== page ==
The notion of an optimal population size is not new.  It has been found that “major histocompatibility complex” genes demonstrate this.  Too little variation, too much homozygosity, reduces immune fuction.  Too much variation reduces immune function.  Patrick Bateman, who wrote Mate Choice, has called this “optimal outbreeding,” the degree of outbreeding that produces the best result.  It clearly holds for fertility as well as for immunity.

The founding population of cane toads brought in with the hope of controlling beetles was in the thousands.  Even without knowing whether they all came from the same area, that is already too many for optimal outbreeding. 

There is something they call “founder effect.”  When a population buds off a new smaller population, the new population will have less overall genetic diversity than the original.  So with the toads.  As they expanded, founder effect would have driven them in the direction of optimal outbreeding, not optimal for anything else living in Australia, of course. 

I suspect that optimal outbreeding mediated by founder effect was why pioneers had so many babies and Native Americans so few.  A similar phenomenon has been described in Quebec. 

I know there are other causes of the acceleration of the toad advance described in the article.  But this could be part of it.  Checking it out would be straight forward, homozygosity, fertility and rate of advance should all track along together.  As for turning this against the toads, I confess I have no good idea.  Shipping them around enough to have a significant impact would require catching a significant fraction of them.  Captive breeding and release far from home would win no friends.  But there are brighter people than I am, so maybe somebody could come up with an idea.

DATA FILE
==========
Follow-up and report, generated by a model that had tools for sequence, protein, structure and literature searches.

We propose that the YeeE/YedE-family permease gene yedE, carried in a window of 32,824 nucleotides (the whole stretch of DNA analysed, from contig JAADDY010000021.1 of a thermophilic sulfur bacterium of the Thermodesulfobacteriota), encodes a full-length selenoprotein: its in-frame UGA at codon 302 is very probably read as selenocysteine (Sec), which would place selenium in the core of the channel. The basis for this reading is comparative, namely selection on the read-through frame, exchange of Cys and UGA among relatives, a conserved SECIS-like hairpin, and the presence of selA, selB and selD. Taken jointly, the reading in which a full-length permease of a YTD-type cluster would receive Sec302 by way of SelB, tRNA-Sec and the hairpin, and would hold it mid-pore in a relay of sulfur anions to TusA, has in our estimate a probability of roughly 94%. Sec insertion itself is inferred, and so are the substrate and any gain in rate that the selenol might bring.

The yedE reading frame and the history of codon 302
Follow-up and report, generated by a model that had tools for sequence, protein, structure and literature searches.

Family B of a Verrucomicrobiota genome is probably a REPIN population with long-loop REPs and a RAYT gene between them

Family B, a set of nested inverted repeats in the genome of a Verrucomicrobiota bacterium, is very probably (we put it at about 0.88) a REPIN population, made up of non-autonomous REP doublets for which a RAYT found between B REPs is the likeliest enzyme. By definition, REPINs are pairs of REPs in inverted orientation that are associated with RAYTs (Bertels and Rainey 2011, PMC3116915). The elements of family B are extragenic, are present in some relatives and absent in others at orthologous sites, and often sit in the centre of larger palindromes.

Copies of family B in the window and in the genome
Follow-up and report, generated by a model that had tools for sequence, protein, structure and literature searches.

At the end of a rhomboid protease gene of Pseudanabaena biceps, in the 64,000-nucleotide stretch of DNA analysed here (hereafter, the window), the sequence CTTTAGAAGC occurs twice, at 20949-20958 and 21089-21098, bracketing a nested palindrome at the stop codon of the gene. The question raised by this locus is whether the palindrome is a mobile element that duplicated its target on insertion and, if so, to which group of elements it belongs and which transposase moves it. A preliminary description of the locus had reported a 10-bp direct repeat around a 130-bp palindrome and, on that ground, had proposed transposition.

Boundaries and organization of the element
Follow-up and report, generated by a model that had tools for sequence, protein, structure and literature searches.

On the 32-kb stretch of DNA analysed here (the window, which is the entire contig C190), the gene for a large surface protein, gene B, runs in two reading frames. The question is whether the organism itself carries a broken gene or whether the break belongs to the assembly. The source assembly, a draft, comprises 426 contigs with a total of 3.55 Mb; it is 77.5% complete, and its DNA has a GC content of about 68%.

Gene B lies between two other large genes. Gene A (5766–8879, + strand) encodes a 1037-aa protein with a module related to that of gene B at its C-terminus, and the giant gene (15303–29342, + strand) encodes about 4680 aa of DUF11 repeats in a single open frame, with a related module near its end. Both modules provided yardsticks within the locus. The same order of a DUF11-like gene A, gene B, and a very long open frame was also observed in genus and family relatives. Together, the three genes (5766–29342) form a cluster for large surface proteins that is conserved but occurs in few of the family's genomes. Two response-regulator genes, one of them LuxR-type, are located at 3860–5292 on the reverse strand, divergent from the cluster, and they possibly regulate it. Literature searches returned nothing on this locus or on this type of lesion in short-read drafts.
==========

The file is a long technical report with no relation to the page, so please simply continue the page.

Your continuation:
Please let me know what you think about this.


M. Linton Herbert MD

The professor was prompt and courteous to respond.  My heartfelt thanks.  Here, with his permission, is his note:

Dear Dr Herbert,

Thanks for your interesting ideas.  I am a fan of AJ Nicholson (and his protagonists at the time –I worked with Charles Birch). I agree that population sizes can affect evolutionary trajectories and long-term success, but as an avowed individual selectionist, I prefer to focus on mechanisms with immediate fitness consequences for individuals.   Apart from anything else., that focus makes for tractable experimental work.  I'll ponder your thoughts some more, however – interesting stuff!

Cheers, Rick Shine